So far, I have had some time to look at JigoShop for evaluation as an ecommerce plugin for WordPress. Coming from a setup where we use dedicated CMS’s for e-commerce, the idea of a plugin seems a little too thin, relatively speaking. i.e. maybe the plugin does not have all the features that a full scaled CMS that is geared towards ecommerce use.

I have found that last part to be mostly untrue, since JigoShop supports a lot of features, right out of the box. It also has a variety of secondary plug-ins for SEO, email etc that make it powerful.

Looking closer at the JigoShop code, I realize that internally it does not use separate tables dedicated to the ecommerce functionality. Instead, it embeds and extends the core WordPress database tables for tailoring it to WordPress. At this point, I am not sure what are the advantages and disadvantages of this structure.

I will continue writing about whatever I discover about the different eCommerce plugins like WordPress.

If you have any feedback, feel free to comment below.

SMX East – Getting serious about SEO & PPC

I have finally made the decision to attend my first professional conference on all things SEO, PPC and the like. SMX East will be held in NYC Oct 1st – Oct 3, 2013. There is also a full day full of workshops on September 30th. I plan on attending that as well.

Here are my goals (in no specific order):

  1. I hope to be able to gain some useful insight on how to legitimately attain top rankings for certain keywords in Google organic search. To make it more general, hopefully across the search engine landscape including Bing, Yahoo and others. 
  2. The focus has to be on what needs to be done on-page as well as off page for SEO purposes.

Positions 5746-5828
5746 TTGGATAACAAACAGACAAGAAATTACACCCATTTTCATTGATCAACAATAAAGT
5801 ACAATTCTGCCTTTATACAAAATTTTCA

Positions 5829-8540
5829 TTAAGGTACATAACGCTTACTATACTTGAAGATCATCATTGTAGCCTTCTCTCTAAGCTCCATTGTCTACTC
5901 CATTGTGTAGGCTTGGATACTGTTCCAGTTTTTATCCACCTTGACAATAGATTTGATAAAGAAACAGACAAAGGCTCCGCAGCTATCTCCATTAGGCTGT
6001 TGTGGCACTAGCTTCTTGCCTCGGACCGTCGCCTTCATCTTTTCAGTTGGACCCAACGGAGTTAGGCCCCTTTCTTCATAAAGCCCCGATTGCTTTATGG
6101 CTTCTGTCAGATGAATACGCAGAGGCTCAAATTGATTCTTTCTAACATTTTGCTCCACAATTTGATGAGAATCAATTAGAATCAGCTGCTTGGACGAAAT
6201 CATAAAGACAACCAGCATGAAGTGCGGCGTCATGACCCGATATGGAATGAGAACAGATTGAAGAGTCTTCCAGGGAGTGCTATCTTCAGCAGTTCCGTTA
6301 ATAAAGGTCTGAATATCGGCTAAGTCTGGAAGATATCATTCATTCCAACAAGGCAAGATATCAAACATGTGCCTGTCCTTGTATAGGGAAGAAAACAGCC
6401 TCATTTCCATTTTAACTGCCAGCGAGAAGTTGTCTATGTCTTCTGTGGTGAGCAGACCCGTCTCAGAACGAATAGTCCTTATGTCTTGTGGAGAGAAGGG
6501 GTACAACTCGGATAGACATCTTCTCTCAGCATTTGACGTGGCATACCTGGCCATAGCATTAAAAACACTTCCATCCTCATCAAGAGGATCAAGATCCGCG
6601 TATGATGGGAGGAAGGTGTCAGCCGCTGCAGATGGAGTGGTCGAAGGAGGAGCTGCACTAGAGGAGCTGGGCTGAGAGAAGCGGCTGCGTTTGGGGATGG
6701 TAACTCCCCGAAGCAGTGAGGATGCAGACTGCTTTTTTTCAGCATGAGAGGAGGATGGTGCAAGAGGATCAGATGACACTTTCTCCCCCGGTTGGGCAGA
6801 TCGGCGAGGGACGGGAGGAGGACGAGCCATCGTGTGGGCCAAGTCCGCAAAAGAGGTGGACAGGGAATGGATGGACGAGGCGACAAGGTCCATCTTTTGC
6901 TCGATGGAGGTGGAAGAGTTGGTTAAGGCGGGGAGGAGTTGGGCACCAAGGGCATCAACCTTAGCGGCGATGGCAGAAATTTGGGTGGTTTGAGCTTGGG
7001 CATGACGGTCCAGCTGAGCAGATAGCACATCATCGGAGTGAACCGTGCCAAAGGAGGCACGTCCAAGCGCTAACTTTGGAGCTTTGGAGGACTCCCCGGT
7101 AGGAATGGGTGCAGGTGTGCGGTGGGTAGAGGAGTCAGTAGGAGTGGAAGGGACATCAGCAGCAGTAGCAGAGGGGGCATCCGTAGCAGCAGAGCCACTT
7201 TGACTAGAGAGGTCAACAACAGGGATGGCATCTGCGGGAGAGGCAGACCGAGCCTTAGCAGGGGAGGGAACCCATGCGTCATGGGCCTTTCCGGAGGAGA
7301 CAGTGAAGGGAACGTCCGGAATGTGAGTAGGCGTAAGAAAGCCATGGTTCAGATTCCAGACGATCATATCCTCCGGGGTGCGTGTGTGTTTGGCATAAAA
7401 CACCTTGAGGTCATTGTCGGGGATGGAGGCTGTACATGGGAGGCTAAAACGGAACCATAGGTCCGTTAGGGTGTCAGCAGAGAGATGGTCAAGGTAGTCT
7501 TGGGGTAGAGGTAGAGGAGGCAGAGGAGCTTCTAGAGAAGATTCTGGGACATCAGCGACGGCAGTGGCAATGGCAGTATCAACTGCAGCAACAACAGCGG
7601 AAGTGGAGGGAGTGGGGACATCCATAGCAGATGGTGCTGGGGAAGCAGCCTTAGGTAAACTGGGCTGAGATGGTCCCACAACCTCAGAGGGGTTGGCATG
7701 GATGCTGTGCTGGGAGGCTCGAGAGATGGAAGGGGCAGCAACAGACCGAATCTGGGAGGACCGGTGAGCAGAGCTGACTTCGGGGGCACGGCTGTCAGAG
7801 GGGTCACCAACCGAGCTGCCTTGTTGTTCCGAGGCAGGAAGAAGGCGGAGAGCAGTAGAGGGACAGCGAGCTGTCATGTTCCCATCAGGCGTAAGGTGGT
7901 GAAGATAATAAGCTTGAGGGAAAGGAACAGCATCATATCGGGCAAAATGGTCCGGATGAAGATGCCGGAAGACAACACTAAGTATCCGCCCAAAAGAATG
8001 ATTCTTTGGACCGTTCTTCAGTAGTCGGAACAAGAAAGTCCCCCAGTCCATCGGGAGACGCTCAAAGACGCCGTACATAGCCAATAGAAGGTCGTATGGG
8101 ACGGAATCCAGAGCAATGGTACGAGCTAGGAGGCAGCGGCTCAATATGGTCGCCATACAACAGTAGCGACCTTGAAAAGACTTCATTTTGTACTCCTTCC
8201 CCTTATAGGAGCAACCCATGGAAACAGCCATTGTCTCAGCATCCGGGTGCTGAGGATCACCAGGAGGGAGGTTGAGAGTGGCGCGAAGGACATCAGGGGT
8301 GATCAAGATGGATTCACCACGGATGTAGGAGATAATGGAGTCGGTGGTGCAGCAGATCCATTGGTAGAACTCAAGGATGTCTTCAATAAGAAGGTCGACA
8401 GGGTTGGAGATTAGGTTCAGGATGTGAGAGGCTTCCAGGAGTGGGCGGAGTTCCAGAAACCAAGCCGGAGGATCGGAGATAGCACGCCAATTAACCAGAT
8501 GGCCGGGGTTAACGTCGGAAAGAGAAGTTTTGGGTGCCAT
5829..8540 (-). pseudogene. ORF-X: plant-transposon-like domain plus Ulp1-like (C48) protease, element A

3. Increase the conversion rate (for both organic and PPC traffic).
  4. My Adwords education is minimal and has been obtained through reading Brad Geddes’ Advanced Google Adwords book. So I hope there will be in-depth Google Adwords how-tos, particularly related to conversion rates.
  5. I hope the conference will cover material specific to Product Listing Ads (PLA).

I will post back my thoughts on the SMX East conference after I return in October. If anyone has first-hand feedback and tips, please feel free to share in the comments.

Same Page HTML Anchor Not Working? Here is why

I have often encountered this issue where same page anchors do not work. When you click on a link that is supposed to take you to the designated position in the same page (as marked by the anchor), instead you land on the homepage with the name of the anchor appended to the home page URL.

For example, there is a Back To Top link that should return the user to the top of the same page. After tinkering a bit with it, I found out that the “base href” HTML tag plays a role in determining how these anchors work.

If your “base href” is set like this (click on View Source from the right click menu):

<base href=”http://www.example.com”>

Turns out that this tag controls the relative path of all same page anchors. Not really sure what this is used for, so I was able to remove it.

Without this, the same page anchors started working nicely. I am guessing that if this tag is correctly populated with the full path of the URL (not just the domain name), same page anchors should work equally well.